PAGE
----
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Gays and History

Thank God It’s Fabulous Enough on its Own
by Terri Schlichenmeyer

TGIF. Four little letters that, alone, have different meanings. One is a drink. One, a gentle expletive. One is a pronoun. And the last is . . . well, it’s a letter.

Add them together, though, and they bring smiles to the faces of weary workers who’ve done their time for the week. “Thank God it’s Friday.”

But what if your options for Friday night revelry were limited? What if you couldn’t go out because you couldn’t come out? In the new book Gay Bar by Will Fellows and Helen P. Branson, you’ll read about a woman who solved that problem back when it was bold to do so.

For most of her adult life, Helen Pyle Branson was interested in the occult and what we would now call New Age subjects. Straight, married, and a mother, Helen was also a “woman ahead of her time”: she was extremely interested in friendships, specifically with gay men.

Back in the 1950s, homosexuality was considered an illness that could be “cured” with intensive therapy and classes. Gays and lesbians were “degenerates” then, and “normal” people shunned them with horror. To be gay was to be an outcast, often unemployed, sometimes homeless. Some even considered gayness to be a threat similar to communism.

Helen didn’t care.

Her “boys” were welcome in her establishment, as long as they behaved—and she wasn’t afraid to oust anyone who didn’t. She protected her boys from the police, roughnecks, haters, scammers, and themselves. She fed them, gave them a safe place to congregate, and became a surrogate mother to them. She studied them, and encouraged their families to love them, too.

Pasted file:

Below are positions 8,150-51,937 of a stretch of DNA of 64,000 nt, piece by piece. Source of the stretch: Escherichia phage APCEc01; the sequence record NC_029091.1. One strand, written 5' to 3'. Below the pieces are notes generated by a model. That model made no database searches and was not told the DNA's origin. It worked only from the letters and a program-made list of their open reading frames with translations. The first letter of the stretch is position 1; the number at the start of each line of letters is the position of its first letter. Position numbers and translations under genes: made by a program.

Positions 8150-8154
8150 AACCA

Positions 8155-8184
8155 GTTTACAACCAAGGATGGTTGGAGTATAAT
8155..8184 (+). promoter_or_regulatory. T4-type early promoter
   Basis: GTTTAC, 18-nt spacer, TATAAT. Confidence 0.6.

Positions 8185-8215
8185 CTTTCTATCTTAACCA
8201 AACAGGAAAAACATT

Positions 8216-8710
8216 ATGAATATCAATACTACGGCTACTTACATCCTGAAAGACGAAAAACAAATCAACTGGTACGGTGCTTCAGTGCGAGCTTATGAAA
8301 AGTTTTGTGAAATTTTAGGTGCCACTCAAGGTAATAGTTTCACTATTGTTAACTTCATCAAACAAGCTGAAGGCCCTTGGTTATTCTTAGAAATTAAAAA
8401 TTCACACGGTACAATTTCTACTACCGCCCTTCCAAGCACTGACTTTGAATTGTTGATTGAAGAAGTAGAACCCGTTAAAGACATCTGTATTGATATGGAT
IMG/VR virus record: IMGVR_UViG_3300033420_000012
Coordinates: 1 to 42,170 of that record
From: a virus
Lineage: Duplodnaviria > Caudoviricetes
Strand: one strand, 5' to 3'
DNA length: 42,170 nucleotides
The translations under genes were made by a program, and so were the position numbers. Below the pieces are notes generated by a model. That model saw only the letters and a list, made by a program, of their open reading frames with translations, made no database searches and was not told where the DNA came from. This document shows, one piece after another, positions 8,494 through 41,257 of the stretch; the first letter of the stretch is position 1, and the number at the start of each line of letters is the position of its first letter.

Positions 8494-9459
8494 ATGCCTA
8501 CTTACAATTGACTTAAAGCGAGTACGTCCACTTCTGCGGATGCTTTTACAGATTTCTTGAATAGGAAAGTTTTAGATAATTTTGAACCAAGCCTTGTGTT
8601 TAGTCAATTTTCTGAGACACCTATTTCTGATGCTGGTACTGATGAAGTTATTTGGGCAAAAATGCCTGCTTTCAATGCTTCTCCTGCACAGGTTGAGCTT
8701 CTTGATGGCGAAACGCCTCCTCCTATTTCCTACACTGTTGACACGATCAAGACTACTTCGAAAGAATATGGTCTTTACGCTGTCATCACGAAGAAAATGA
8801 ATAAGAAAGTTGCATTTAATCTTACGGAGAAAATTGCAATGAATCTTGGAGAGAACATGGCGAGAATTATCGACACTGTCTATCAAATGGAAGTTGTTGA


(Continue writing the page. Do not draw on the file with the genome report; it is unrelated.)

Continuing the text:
Author Will Fellows had seen the book that Helen Branson wrote in the mid-’50s, and he thought the memoir/social commentary might make a good play. Fascinated, he began to dig into the life and thoughts of this progressive straight woman who embraced gay men . . .

And if Fellows had just left well enough alone, if he had just let that book stand on its own merits, this book might have been better.

Gay Bar—the original version—had its charms. It offered a unique and honest vintage-1950s look at gay men’s lives from the perspective of a woman who genuinely loved them for who they were and who hated their persecution. Author Helen P. Branson had her (very un-PC) theories on gayness, and she was obviously willing to discuss things with anyone who would listen, as evidenced by her friendship and correspondence with a sympathetic psychiatrist who also studied homosexuality.

But then Fellows steps in and puts Branson’s words into today’s perspective. I thought his ideas were intelligent and well-considered (a definite good thing), but—against Branson’s bygone-era charm—they muddy the appeal of the original (a not-so-good thing).

Can I recommend this book? Only barely, and only if you remember that this is more a gay history book than it is pleasure reading. Truly, if you’re looking for something fun and nowhere near academic, find another book and leave Gay Bar for another day.

Terri Schlichenmeyer has been reading since she was three years old, and she never goes anywhere without a book. She lives on a hill in Wisconsin with two dogs and 11,000 books.


Terri Schlichenmeyer

Terry Schlichenmeyer is a regular contributor to OutSmart Magazine.

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